PR: Hugely risky, because you don't want the player to be feeling punished. But you are trying to create a feeling of vulnerability.
I think that's a facet of the game that demanded a fair amount of iteration, just to be able to go through and check it and play it out and see whether it was working the way we needed it to. Especially in the early part of the game, that was combined with a requirement that we offer tutorial content to the player and sort of instruct them in the mechanics of the game.
That turned out to be very challenging, because we're trying to do two things simultaneously: We're trying to make the player feel vulnerable and at a disadvantage initially -- to set the ground rules of the world and the moral universe of the game -- and at the same time we're trying to give them useful and practical information that's applicable to play, and not do it in a way that's completely ham-handed. [laughs]
I think that that's something we could have had more iteration time on, just to maybe either pace things out slightly differently or try to use fewer obstructing, pop-up-type interventions in order to teach things to the player. It's a lot to absorb. It's kind of sensory overload.
At times I think we succeeded, to an extent, in managing it. And at other times, it fell short of what we probably would have wanted in the long term.
On a purely mechanical player-empowerment level, as the game continues, you start getting more guns that are more reliable, and you can upgrade them, and the enemies start to respect you more. It's not as sharp as in a Metroid game, where suddenly you've got all this crazy equipment, but there's that curve. But you have no idea that's coming when you start the game, which might frustrate some people.
PR: Well, something that we did -- and this is something our lead level designer Jonathan Morin figured out and I thought was a really important, major development -- was to identify that the weapons progression needed to be altered slightly during the first third of the game.
This was in order to give the player a bit more of a tease and a bit more visibility on the kinds of weaponry that would be available to them if they played ball with the whole diamond economy, and used the weapon shops and actually tried to push the progression forward. While we don't force the player to do it, it's a good idea to do it, right? And we try to communicate that.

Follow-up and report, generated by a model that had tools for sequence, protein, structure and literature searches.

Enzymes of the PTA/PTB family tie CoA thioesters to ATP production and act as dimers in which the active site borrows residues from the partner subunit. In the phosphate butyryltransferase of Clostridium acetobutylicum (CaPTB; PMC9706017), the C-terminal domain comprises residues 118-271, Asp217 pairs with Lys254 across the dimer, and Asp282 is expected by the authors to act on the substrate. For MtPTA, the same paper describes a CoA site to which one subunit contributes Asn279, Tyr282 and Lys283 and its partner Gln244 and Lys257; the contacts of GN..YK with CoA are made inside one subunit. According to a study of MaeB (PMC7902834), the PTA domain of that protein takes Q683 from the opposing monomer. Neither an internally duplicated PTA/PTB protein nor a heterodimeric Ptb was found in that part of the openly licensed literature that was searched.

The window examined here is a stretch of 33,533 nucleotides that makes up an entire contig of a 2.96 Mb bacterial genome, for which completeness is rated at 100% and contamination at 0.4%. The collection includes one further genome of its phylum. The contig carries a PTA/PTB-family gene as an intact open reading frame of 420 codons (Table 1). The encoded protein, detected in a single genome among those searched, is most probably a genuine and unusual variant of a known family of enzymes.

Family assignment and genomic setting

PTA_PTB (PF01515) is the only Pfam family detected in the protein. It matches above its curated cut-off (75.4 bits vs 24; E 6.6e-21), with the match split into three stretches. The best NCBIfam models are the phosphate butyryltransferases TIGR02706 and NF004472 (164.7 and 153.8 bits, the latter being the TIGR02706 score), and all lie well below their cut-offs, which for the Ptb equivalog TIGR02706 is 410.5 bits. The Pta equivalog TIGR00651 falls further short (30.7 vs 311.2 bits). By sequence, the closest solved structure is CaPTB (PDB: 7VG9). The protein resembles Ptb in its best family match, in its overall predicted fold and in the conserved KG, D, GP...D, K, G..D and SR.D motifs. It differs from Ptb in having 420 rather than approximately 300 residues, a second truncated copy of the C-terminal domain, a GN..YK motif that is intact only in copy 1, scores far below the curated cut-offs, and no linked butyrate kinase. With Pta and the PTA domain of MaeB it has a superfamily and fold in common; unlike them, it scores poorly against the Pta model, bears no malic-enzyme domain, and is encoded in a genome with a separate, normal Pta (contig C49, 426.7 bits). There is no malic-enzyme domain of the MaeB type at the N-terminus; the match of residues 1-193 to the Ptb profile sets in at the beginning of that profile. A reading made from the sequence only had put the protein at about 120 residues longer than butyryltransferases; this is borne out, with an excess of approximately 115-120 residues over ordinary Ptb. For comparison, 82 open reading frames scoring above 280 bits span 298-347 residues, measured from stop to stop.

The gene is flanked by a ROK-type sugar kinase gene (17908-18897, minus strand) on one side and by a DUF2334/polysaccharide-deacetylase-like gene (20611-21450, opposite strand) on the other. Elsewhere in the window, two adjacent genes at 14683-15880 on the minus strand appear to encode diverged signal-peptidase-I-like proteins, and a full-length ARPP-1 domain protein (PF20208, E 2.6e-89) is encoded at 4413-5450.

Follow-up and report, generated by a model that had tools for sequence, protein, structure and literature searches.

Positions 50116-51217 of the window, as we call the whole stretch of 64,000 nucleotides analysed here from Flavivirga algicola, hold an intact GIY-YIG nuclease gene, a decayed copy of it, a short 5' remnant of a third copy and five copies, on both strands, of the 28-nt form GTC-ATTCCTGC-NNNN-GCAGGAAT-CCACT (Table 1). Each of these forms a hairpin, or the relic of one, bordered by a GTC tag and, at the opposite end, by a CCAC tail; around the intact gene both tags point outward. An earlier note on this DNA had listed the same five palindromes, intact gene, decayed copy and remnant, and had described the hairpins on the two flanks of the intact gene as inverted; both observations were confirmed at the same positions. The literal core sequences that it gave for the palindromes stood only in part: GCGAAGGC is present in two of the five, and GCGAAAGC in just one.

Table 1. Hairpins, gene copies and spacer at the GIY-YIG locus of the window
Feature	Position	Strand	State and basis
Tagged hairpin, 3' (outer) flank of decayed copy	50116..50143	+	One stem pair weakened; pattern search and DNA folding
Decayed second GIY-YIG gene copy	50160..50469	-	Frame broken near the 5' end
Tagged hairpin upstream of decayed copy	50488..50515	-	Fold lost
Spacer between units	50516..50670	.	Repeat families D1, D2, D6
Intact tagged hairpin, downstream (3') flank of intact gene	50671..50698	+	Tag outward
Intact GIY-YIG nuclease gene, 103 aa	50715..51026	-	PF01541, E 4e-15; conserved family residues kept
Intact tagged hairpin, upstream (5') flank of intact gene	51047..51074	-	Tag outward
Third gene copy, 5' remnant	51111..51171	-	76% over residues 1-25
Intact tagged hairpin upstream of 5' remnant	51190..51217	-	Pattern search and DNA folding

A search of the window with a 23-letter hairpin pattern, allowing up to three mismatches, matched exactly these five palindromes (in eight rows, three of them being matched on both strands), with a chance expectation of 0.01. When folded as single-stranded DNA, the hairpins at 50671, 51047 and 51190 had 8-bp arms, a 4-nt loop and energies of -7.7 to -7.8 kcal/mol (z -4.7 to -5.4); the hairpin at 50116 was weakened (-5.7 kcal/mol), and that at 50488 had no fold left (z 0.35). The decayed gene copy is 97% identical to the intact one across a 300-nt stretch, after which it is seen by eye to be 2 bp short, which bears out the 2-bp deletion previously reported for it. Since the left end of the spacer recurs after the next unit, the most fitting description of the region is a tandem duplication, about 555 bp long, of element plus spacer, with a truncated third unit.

The great thing about the reliability system in the game is that it gives us a tool for putting crappy guns and crappy weapons into the world [laughs] that the player can look at and go, "Oh, my God! That looks awesome! I want that!" And we don't have to have any kind of weird, hokey reason why the gun vanishes on him. He can use it until it breaks.
That turned out to be a really cool way to reassure the player, "Listen. You're not going to be stuck running around shooting rusting Belgian assault rifles. And you're not going to be stuck with a crappy sniper rifle. You are going to be able to get access to some stuff that's pretty cool. But if you want that, you should make sure you go and pay regular visits to your local arms vendor and get involved with what he's doing."
I had actually been playing for ages with the bolt-action sniper rifle, not doing gun missions, and I eventually found a better, more modern one in the world, which prompted me to start actually doing gun missions once the one I found broke. I didn't realize at the time that the reason I found the better one was because the game was hinting to pay more attention to the gun missions.
PR: Yeah, and it has a huge impact on your survivability. If anything, one of the challenges is that we needed to find a way to tie the player's understanding of weapon reliability and weapon jamming and the difficulty that that introduces into firefights, to tie that to the opportunity to go and get good guns and have a steady supply of good weapons.
It's like, "I'm going to go buy all the stealth weapons, " or "I'm going to go and focus on explosives," or some combination thereof. Getting that foot in the door was important, in helping the player to understand why it's related to the fact that the guns that the AI is dropping on the ground are typically about half as good as the ones that they can buy at the store.
Regarding player expectations, how much of that do you think needs to be messaging from the developer end, and how much is a simple function of people not wanting to deal with a certain level of information and mechanics?
PR: That's hard to say. I think you can only compensate for so much. You can communicate and market a game that has weaknesses, to the point where people are willing to overlook it and just simply believe that it's going to be better than it is. I think it does happen. And I don't think we do that very well, frankly. And I don't think that's necessarily a bad thing. [laughs]
I think Ubisoft tends to try to let their games speak for themselves, for the most part. That's not always easy to do, either. That's something our marketing people and our communications people wrestle with, all the different ways of doing that. Certainly, some of our most successful games went through periods where they had to find out how to combine these messages, whether it's Assassin's Creed or any of the Clancy games.
I remember speaking to you and [creative director] Clint [Hocking] back in March or so, when the game was getting delayed. One of you was saying, even from a marketing perspective, it was a good thing the game got delayed, because it felt like you were only starting to hit a certain level of awareness that you wouldn't have had if the game was shipping right then when it was originally going to.